Situated close to the lake between Lausanne and Geneva, Château de Prangins is surrounded by a five-hectare estate comprising a park, a meadow-cum-orchard, and the country’s largest historical kitchen garden. Home to the Swiss National Museum in French-speaking Switzerland, it is a popular day-trip destination and exhibition venue that combines culture with nature. The largest 18th-century castle open to the public in Switzerland.
Although Château de Prangins is the largest 18th-century building open to the public in Switzerland, the site has been inhabited for much longer. The medieval fortress, which is burnt down during the Bernese invasion in 1536, is replaced by a stately home. The present-day château, which has welcomed figures as distinguished as Voltaire and Joseph Bonaparte, owes its handsome appearance to the banker Louis Guiguer, who has it built in the 1730s and so becomes baron of Prangins. The timeless elegance of the French classical style is a living monument to the Age of Enlightenment.
... AND NOW
After numerous changes of ownership, the château is acquired by the Cantons of Vaud and Geneva, who hand it over to the Swiss Confederation in 1975. Château de Prangins opens its doors as the home of the Swiss National Museum in French-speaking Switzerland in 1998. The three floors and the cellars of the historic building – a monument of national importance – host permanent and temporary exhibitions on Swiss history, identity and culture. Housed in the reception rooms of Louis-François Guiguer, Baron of Prangins “Noblesse Oblige! Life at a Château in the 18th Century”, the latest addition to the list of permanent exhibitions, presents its subject in an attractive and novel way.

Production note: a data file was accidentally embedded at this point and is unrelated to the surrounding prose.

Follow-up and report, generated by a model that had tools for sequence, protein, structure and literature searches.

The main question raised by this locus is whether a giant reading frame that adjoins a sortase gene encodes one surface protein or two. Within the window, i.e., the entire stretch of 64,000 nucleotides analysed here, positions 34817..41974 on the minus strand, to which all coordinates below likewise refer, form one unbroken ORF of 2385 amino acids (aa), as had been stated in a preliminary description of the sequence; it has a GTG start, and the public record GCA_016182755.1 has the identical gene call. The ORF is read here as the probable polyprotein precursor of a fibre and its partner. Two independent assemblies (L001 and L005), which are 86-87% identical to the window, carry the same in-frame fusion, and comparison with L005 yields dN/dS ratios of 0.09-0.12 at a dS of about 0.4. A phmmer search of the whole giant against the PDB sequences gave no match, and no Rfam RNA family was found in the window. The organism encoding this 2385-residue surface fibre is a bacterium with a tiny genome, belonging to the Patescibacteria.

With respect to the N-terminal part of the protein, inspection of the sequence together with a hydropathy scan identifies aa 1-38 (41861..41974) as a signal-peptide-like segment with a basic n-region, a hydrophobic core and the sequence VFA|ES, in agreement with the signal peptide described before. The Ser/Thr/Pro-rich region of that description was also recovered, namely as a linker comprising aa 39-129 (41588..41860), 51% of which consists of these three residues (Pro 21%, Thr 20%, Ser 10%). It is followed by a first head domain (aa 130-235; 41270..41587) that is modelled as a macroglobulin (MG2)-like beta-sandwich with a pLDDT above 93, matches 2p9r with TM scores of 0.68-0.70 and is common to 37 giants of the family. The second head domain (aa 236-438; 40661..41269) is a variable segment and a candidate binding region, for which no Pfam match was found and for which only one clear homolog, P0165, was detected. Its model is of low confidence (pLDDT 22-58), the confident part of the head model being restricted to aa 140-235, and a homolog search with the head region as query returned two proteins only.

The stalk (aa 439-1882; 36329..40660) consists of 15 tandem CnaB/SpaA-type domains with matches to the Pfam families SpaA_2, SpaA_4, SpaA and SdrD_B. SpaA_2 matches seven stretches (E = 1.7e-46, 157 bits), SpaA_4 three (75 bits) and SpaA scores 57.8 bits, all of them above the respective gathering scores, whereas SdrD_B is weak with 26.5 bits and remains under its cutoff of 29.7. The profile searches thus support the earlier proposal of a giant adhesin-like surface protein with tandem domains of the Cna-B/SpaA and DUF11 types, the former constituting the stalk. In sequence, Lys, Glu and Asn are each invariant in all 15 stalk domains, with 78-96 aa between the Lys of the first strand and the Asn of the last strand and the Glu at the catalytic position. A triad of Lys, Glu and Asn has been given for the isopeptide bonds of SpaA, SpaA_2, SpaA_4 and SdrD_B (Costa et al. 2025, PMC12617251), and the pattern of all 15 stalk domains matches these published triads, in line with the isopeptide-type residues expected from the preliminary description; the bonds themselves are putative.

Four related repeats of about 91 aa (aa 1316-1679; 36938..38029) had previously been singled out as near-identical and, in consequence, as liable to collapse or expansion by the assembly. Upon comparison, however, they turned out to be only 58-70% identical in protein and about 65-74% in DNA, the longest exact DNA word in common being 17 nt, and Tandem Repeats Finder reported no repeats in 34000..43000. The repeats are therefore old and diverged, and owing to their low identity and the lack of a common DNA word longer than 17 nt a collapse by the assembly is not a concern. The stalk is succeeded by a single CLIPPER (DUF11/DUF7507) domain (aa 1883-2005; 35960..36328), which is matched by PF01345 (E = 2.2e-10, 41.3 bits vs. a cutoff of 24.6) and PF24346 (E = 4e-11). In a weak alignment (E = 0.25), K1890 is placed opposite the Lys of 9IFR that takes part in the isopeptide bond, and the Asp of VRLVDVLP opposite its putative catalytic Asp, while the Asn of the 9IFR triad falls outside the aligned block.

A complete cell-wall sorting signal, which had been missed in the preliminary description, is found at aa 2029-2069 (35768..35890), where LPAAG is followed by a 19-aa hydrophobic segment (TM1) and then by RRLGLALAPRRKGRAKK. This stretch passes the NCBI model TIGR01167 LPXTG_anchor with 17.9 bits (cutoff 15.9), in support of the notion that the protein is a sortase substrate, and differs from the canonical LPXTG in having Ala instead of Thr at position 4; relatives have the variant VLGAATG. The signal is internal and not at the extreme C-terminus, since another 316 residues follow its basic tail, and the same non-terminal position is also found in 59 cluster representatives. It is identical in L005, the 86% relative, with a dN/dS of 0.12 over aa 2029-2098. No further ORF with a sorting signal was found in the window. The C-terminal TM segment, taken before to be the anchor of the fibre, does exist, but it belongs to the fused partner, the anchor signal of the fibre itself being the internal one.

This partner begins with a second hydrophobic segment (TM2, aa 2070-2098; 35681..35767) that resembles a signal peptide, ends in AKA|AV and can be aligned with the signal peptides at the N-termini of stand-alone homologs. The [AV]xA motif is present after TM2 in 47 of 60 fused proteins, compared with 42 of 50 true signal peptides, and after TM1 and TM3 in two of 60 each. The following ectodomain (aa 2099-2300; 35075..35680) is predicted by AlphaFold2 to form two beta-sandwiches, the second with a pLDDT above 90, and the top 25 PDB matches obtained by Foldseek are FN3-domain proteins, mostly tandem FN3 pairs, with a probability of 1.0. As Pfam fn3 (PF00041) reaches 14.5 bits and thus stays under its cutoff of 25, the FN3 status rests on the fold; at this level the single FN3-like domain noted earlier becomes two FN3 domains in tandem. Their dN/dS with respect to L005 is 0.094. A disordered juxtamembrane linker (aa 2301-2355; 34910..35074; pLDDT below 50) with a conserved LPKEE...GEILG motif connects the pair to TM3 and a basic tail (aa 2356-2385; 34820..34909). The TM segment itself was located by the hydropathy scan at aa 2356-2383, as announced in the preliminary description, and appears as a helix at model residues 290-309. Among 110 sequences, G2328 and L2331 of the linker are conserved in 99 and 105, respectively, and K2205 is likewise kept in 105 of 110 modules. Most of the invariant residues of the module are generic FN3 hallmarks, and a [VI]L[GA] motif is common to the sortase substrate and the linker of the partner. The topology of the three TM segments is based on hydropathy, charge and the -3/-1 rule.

At Prangins, visitors can explore the Swiss National Museum both indoors and out. No visit would be complete without taking the “Discovering the Enlightenment” walk and stopping off at the kitchen garden visitor centre to view the “Discovering the Garden” exhibition. Also created by Baron Louis Guiguer between 1723 and 1729 to feed the builders working on the château, the historical kitchen garden, consisting entirely of local varieties dating from the 18th century, is the largest in Switzerland. Like the kitchen garden visitor centre and “Discovering the Enlightenment” walk, the grounds can be accessed free of charge during museum opening hours and are an integral part of the permanent exhibitions.
Explore the permanent and temporary exhibitions at Château de Prangins